This morning I called the service number. My new computer wouldn’t start up. I explained that many other people have had the same problem, could there have been something wrong with the installation service? “Listen, we’ve installed 600 computers and we’ve only had trouble with around 50 of them, not all of them,” came the blunt reply. It turns out that the customer was wrong, once again.
Total anarchy is afoot when it comes to service providers. Customers no longer have the right to expect their order signed, sealed and delivered. It is perfectly normal to have to call the company up and demand repairs. Which of course have to be paid for. Not that it’s my money we’re talking about, but it still galls me.
You have to practically beg for anyone to come over in person and help you. Many operators try to minimise the risk of actually having to come face-to-face with the customer. Services have been transferred to the internet and problems are dealt with over the phone. Despite this companies show very little interest in improving their phone services.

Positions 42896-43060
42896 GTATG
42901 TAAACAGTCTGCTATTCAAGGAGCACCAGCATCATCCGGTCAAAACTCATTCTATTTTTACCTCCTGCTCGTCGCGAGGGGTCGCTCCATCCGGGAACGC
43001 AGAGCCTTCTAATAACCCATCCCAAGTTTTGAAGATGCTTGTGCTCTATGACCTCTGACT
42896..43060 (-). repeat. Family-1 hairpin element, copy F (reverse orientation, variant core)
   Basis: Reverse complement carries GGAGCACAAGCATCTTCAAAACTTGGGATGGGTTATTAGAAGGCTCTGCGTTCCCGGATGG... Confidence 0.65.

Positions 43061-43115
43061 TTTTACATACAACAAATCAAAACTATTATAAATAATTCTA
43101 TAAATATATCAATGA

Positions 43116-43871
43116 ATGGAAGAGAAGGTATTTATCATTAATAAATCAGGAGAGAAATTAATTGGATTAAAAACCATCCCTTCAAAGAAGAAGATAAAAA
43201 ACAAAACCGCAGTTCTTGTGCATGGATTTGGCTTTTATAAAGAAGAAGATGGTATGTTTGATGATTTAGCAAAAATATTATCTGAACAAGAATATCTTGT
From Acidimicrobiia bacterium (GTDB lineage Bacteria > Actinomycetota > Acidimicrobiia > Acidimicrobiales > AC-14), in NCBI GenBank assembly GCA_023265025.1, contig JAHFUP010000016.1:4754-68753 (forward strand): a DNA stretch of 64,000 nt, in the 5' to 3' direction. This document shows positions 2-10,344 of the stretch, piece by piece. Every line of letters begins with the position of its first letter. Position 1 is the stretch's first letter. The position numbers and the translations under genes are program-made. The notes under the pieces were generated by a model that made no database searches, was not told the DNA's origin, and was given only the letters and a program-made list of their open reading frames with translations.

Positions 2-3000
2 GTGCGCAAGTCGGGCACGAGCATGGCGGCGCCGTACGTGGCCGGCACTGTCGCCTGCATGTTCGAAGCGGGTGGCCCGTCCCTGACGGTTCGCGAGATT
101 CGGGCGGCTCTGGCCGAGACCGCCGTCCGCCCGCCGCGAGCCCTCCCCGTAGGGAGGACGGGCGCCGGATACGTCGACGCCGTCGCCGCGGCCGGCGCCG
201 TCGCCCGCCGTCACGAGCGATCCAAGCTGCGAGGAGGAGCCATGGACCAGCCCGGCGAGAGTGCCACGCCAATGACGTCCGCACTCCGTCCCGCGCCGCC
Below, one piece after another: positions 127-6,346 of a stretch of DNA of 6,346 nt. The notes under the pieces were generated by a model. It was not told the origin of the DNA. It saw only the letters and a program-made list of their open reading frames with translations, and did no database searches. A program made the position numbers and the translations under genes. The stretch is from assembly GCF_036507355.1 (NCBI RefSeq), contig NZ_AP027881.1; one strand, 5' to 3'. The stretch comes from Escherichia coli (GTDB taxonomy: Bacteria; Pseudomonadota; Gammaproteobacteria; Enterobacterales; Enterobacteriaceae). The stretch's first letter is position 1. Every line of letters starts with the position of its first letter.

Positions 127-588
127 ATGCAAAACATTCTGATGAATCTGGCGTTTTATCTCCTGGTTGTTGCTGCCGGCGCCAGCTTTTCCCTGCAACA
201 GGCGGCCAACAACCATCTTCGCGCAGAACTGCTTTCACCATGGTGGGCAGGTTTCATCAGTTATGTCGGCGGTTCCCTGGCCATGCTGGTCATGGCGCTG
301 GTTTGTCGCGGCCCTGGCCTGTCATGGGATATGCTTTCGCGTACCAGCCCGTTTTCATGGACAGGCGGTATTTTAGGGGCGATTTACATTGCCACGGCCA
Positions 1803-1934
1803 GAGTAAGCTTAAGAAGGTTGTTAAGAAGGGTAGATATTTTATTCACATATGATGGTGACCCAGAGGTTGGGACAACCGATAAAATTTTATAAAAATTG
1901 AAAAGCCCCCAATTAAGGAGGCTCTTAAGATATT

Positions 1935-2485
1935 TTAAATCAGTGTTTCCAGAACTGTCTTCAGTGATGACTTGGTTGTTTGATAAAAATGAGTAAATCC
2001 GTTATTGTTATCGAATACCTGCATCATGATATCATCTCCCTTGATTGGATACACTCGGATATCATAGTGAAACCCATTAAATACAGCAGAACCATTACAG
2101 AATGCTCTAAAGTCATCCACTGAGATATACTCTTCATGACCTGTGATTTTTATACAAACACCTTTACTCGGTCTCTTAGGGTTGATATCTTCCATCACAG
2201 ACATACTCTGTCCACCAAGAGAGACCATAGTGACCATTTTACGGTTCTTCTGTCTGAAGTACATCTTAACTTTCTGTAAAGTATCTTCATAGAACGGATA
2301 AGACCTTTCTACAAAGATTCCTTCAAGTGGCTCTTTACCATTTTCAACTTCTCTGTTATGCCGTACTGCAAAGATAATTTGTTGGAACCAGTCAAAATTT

The inadequate level of Finnish phone service can in part be explained by the fact that queues are long. Listening to elevator music for half an hour will make anyone delighted to finally make contact with another human being. The overwhelming gratitude will make the caller forget to expect friendly service. I understand perfectly that customer service is tough work, having been there myself. It is not, however, fair to take that out on the customer who is paying for the service.
As consumers we have the right to demand better service. If companies want to offer services, they need to make an effort to develop them. Attitudes also need some adjusting. We need to be able to give feedback concerning that as well. We don’t have to take everything that is thrown at us. But above all we should remember to say “Thank You” for good service.